Wheatear – this male was around the beach behind North Scrape

There was nothing of note on North Scrape, but at that point we received a message to say that there was a White-winged Black Tern along the coast at Burnham Overy. We decided to head round there to see if we could see it.

As we walked out along the track which cuts across the grazing marshes, we heard two Lesser Whitethroats singing in the hedge. In typical fashion, we had a couple of quick glimpses as they flew between bushes, dropping straight into cover. One or two Reed Warblers were singing from the ditch beside the path.

We could see the White-winged Black Tern before we got to the seawall, visible above the reeds as it flew round over the pool in the middle, but it was a better view once we got up to the top. What a stunning bird! Its mostly white upperwings and tail contrasted with its jet black body. When it turned, we could see its black underwing coverts.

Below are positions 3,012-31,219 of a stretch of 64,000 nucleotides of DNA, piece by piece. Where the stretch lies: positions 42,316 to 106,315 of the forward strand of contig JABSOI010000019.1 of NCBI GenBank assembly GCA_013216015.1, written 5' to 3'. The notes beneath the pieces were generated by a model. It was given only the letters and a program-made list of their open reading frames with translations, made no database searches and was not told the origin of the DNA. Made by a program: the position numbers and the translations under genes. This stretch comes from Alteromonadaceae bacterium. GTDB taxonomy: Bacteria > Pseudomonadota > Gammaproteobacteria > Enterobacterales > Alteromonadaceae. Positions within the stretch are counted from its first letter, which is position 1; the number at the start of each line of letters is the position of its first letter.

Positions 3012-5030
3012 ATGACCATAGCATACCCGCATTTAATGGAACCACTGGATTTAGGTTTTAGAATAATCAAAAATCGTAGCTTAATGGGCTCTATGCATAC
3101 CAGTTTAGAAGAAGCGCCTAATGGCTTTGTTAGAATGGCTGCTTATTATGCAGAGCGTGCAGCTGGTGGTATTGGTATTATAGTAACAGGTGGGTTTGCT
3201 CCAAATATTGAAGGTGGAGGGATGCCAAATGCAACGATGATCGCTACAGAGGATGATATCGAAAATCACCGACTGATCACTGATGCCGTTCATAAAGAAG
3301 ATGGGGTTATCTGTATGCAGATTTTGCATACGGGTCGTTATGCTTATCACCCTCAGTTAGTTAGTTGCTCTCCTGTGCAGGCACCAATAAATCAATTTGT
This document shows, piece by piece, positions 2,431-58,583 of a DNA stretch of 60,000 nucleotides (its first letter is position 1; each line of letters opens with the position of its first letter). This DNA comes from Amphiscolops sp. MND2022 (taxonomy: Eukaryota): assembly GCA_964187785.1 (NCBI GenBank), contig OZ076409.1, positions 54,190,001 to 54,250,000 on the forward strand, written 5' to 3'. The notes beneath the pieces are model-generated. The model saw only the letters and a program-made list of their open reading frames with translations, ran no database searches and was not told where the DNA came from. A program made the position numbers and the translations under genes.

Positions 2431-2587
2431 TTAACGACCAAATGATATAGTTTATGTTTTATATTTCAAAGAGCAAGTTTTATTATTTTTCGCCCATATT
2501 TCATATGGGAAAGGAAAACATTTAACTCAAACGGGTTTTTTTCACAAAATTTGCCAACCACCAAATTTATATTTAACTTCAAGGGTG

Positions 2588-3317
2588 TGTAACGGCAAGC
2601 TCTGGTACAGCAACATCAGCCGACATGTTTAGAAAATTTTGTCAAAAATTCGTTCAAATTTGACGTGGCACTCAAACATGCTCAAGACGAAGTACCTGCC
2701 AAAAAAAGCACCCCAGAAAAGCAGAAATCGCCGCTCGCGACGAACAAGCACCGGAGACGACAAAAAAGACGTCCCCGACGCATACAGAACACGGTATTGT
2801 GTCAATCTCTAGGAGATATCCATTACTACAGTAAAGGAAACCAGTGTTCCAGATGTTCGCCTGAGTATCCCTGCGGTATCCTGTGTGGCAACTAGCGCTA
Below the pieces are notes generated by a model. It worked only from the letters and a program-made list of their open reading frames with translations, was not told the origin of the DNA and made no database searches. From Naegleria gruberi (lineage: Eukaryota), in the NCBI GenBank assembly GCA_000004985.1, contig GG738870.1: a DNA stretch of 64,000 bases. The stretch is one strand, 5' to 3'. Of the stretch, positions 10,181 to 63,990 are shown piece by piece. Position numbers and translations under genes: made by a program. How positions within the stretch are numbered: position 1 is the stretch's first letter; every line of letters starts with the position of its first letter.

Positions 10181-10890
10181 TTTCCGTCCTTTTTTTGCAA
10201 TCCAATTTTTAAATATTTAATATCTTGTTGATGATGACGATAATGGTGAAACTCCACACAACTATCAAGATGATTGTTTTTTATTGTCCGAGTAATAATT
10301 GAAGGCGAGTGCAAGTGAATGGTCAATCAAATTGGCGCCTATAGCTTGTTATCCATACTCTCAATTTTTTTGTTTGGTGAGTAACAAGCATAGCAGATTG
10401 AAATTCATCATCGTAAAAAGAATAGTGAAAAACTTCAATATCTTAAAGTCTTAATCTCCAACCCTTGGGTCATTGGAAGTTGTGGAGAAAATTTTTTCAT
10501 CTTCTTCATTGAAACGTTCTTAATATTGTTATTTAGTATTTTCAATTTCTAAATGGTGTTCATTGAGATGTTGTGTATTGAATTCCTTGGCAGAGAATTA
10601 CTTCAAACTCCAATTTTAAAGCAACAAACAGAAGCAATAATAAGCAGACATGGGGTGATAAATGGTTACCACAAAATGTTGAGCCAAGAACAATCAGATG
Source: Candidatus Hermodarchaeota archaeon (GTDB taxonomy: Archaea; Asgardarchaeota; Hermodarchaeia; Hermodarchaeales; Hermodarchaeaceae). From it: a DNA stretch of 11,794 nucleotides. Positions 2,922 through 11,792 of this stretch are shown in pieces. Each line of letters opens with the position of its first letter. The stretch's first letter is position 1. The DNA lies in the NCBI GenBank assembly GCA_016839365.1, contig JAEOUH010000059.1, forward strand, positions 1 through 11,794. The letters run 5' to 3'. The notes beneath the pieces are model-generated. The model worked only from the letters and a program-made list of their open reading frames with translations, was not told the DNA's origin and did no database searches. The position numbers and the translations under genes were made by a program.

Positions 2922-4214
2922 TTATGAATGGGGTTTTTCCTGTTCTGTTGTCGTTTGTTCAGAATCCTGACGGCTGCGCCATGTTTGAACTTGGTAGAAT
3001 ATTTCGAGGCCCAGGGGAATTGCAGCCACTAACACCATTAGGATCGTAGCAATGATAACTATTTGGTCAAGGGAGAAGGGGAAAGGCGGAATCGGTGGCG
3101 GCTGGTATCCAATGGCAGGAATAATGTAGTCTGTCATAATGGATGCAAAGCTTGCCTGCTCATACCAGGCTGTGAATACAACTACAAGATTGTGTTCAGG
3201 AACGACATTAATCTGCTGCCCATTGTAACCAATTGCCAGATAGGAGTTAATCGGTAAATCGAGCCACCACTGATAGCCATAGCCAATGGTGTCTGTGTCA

White-winged Black Tern

White-winged Black Tern – feeding over the reedbed pool at Burnham Overy

The White-winged Black Tern was flying round over the pool with very buoyant wingbeats, occasionally dropping down to the water’s surface, looking for insects. A great bird to watch!

While we were watching the tern, we kept one eye out over the harbour the other side and we noticed a harrier come up over the saltmarsh beyond the harbour channel. It was very slim, with narrow, pointed wings and through the scope we could see the white patch on its uppertail coverts and its faded buff/orange underparts, with a darker hood. It was a Montagu’s Harrier, a young one, a 2nd calendar year. We watched it hunting over the saltmarsh before it gradually worked its way back and out of view.